Josh Wallace (director, co-writer) and Devin Das (co-writer, producer, actor) are the filmmakers behind Keeping Company, a horror-comedy that follows two brash insurance salesmen who find themselves trapped inside a serial killer’s basement. They say the film explores the farce that is the “American Dream” and the capitalist system that breeds it.
Back in 2015, the two of us were working as assistants for a couple of studio-level filmmakers. What does that mean exactly? It means that in return for grabbing coffee and “rolling calls” (classic Hollywood jargon), we had an insider view at how movies are made. When we started writing together, we had just finished working on production of a major studio buddy-comedy that our bosses had collaborated on. It was a surreal experience to work at the highest level of the film industry, especially only after a few years of living in Los Angeles. The two of us felt like we had the whole world ahead of us, so we started writing furiously. We knew nothing would be “easy,” per se, but we’re not going to lie to you, we definitely thought we were going to have it easier. All we had to do was utilize our network of industry contacts to get us staffed on a TV show or even get a movie made within a few years. Easy, right? Of course, it is! We were the perfect example of “young and dumb.”
Cut to a few years later: less young and only slightly less dumb. The two of us were stuck in the anxiety-ridden fever dream that is Hollywood development, in which you write script after script, share scripts with your contacts, hear nothing back, and repeat. It’s the definition of insanity. By now, it was apparent that nothing was going to come easy, and even more apparent that Hollywood is all about the long game. So, with frustration mounting and uncertainty of a career in show business looming, we decided to do the only thing left to do: apply for more credit cards and take full control of our future instead of waiting around, hoping that someone would give us the OK to make a movie.
We had become disillusioned with the idea that the traditional studio and network systems were the only option for getting a script produced. We knew we had to make something of our own that showcased our strengths and abilities as writers and filmmakers. This moment was a true turning point for us, because we decided to stop trying to fit ourselves into the boxes that have been created by and expected by the Hollywood system. This spirit spawned our debut feature film, Keeping Company.
Keeping Company follows a fateful chain of events that begin to unravel after two brash insurance salesmen go knocking on the wrong door and find themselves trapped inside a serial killer’s basement, putting their lives and their jobs on the line. As an exploration of the importance of wealth and class in our society, the film mixes ruthless corporate salesmen with vicious suburban serial killers and asks if you can tell the difference.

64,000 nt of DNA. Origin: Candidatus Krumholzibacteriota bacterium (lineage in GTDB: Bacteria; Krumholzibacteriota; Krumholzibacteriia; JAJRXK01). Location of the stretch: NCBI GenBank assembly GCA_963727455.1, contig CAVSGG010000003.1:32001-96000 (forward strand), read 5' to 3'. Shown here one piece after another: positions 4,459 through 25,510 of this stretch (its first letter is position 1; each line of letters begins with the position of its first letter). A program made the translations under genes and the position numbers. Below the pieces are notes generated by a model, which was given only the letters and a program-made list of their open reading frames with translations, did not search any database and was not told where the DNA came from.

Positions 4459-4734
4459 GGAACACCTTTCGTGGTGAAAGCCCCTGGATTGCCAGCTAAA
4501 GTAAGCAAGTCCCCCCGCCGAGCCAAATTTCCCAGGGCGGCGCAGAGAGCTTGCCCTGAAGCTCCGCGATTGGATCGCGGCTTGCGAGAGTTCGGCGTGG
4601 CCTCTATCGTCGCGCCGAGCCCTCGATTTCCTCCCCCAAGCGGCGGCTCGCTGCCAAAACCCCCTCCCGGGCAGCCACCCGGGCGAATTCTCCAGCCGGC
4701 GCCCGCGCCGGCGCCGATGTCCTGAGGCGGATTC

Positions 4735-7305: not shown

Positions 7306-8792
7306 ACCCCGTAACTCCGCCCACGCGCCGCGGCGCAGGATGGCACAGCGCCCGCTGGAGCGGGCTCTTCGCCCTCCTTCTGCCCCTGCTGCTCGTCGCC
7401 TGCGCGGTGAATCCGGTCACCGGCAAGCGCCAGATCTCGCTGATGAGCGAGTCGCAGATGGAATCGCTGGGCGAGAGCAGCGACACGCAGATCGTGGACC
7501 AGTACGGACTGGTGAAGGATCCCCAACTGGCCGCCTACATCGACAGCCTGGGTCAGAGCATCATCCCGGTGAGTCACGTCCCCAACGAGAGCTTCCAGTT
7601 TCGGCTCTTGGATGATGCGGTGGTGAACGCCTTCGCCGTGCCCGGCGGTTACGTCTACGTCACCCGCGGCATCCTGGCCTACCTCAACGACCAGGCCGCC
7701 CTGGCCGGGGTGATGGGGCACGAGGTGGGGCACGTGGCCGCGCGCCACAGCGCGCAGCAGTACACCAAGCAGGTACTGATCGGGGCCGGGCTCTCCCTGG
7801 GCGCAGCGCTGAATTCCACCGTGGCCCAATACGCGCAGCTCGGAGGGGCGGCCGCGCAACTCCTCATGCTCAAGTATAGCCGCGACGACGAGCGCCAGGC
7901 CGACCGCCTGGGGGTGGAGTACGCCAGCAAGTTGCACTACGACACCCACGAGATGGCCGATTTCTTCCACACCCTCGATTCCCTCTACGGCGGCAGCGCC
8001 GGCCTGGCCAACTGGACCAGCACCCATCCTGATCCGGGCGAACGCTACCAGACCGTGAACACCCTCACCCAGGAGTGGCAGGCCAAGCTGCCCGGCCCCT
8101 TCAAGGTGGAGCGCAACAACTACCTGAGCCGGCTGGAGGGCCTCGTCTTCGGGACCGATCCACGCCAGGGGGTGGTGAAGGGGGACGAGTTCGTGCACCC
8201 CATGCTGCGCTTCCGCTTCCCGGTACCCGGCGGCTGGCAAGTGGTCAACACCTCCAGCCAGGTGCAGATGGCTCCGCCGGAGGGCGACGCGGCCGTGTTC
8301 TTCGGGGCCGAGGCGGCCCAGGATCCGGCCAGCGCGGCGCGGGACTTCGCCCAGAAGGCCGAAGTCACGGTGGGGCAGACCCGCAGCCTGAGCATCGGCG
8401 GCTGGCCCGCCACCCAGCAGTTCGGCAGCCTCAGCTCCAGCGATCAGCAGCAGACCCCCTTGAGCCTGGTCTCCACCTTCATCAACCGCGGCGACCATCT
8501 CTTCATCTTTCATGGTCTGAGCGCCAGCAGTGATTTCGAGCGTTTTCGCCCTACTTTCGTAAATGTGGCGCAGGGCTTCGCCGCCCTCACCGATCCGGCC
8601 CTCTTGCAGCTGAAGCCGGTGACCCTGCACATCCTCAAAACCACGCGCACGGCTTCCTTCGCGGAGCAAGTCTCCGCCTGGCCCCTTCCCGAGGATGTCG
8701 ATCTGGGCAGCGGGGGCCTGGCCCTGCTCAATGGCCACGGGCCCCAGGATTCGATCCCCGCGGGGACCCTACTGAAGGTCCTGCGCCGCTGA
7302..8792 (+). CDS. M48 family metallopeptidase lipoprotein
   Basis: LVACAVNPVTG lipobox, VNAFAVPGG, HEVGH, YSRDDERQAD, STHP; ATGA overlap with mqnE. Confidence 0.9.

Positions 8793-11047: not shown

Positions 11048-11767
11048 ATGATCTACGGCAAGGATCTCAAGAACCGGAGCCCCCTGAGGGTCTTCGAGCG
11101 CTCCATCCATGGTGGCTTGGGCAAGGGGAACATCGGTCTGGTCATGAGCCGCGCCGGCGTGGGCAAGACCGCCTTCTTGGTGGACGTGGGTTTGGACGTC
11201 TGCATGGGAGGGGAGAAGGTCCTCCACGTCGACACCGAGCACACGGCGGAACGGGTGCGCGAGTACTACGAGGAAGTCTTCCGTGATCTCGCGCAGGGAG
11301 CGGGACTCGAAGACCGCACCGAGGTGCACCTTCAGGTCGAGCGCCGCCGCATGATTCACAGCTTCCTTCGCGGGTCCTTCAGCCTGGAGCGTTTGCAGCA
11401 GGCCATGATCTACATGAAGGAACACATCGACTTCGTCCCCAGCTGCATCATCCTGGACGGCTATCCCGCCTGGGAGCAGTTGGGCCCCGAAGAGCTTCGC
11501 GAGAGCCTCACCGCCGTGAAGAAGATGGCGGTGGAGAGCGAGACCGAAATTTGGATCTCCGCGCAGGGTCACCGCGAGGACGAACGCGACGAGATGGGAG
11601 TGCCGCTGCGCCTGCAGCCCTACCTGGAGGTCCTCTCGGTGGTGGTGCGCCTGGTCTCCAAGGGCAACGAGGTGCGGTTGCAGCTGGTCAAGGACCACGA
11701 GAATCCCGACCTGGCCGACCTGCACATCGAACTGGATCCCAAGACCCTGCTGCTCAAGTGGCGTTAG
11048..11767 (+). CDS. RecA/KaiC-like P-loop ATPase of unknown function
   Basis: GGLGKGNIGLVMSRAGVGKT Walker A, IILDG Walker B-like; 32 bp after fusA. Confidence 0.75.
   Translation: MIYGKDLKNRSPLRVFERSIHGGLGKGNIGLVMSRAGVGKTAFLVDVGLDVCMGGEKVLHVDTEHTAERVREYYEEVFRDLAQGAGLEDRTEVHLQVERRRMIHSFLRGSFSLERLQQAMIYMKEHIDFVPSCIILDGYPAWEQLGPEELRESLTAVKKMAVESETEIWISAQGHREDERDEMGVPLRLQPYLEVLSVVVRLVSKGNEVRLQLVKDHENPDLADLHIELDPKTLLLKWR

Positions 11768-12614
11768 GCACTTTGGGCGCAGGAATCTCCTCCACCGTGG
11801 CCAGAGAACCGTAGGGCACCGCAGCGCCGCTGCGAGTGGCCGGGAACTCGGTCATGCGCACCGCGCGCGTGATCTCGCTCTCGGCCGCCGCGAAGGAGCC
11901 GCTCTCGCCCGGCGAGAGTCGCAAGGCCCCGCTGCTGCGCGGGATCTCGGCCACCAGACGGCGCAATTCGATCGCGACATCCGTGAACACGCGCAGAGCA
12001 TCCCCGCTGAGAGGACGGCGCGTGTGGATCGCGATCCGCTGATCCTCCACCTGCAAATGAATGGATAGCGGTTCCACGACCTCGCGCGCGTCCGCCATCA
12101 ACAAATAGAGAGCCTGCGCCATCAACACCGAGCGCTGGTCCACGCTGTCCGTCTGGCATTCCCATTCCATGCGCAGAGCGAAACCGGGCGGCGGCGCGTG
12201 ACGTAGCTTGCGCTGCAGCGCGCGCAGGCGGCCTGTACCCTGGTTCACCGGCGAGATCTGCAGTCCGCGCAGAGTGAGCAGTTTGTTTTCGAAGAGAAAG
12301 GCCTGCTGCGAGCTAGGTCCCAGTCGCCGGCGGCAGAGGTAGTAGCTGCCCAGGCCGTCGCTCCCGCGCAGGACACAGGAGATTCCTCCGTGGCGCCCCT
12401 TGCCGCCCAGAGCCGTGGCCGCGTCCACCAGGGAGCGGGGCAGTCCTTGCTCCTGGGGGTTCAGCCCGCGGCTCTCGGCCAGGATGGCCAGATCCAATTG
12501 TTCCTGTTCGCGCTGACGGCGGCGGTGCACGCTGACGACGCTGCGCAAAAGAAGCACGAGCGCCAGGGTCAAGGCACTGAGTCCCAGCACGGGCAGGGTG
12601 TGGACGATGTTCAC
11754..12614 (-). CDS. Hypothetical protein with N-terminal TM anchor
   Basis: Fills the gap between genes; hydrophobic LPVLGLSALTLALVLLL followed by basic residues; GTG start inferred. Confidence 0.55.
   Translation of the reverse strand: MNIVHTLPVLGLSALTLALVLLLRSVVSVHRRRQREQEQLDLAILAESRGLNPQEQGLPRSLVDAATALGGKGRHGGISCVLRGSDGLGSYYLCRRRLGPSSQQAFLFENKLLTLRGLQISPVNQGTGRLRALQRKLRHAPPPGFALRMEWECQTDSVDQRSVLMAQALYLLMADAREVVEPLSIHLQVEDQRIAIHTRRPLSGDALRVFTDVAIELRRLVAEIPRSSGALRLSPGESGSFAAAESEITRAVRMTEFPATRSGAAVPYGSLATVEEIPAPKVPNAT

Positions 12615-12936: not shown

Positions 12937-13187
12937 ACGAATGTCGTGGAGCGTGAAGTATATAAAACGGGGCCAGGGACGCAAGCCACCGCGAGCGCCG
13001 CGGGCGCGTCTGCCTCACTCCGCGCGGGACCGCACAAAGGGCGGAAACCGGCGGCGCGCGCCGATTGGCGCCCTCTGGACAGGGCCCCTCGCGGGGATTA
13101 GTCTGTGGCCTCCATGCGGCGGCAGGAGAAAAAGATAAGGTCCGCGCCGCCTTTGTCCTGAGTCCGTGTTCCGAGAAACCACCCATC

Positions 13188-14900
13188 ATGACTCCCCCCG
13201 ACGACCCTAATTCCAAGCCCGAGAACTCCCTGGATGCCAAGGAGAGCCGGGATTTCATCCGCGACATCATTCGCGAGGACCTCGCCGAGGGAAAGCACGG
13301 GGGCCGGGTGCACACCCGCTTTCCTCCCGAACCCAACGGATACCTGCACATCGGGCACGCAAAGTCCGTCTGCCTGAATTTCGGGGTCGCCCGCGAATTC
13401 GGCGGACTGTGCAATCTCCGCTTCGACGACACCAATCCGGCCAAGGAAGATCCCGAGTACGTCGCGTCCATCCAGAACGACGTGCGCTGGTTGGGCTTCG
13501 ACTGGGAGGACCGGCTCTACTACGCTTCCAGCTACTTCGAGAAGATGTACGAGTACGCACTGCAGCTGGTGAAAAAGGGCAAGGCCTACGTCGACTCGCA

When writing, we started with a simple buddy-comedy premise but quickly found ourselves falling into deeper and darker themes and soon realized that we had a fantastic opportunity to blend genre and tone while taking common tropes and expectations within classic film structure and storytelling and flipping everything on its head. Our intention for the film quickly became less about telling a story of the way things should be in our world, and more about providing a darkly comedic reflection of the worst in society and humanity that we see around us. We had found a way to express the angst and frustration we were feeling with the economic systems and social structures/expectations surrounding us — which we believe to be increasingly relatable. This emboldened our independent spirit to get the film made.
So far, we have been completely blown away by the reception for Keeping Company. We have been honored with official selections at some of the most well-respected genre and horror festivals around the world, such as Fantaspoa in Brazil and the Brussels International Fantastic Film Festival in Belgium. We’ve also crossed over to non-genre festivals such as the Tallgrass Film Festival and Newport Beach Film Festival. While distribution is still up in the air for the film, we believe our festival run speaks for itself and showcases that this film has the power to resonate with a wide audience.
So how did we get this far? Our team of incredible producers, cast members, and crew members. We made a point of only bringing on people who shared our spirit — people who were looking to create bigger and better opportunities for themselves when they couldn’t find them elsewhere. We surrounded ourselves with people who wanted to work with us, and we made sure that they felt and understood that this movie was not solely our movie, but that it was their movie, too. This was crucial in the making of our film, because it created and nurtured a spirit of togetherness on set. Nobody was above anybody. It was all hands-on deck — even if that meant the two of us and our producing team helping the crew lug equipment up and down six flights of stairs because the elevator was broken at one of our filming locations (true story).
Keeping Company provides a brutal, bleak look at society and humanity without much hope in sight. But the point of showing that dark reflection is to remind us how important it is to live collectively, selflessly, and empathetically. So, to anyone reading this who is an aspiring filmmaker, don’t think of making your first film as a mountain to climb by yourself, but rather a mountain to climb, hand-in-hand, with everyone involved.
Main image: Ahmed Bharoocha (L) and Devin Das in Keeping Company.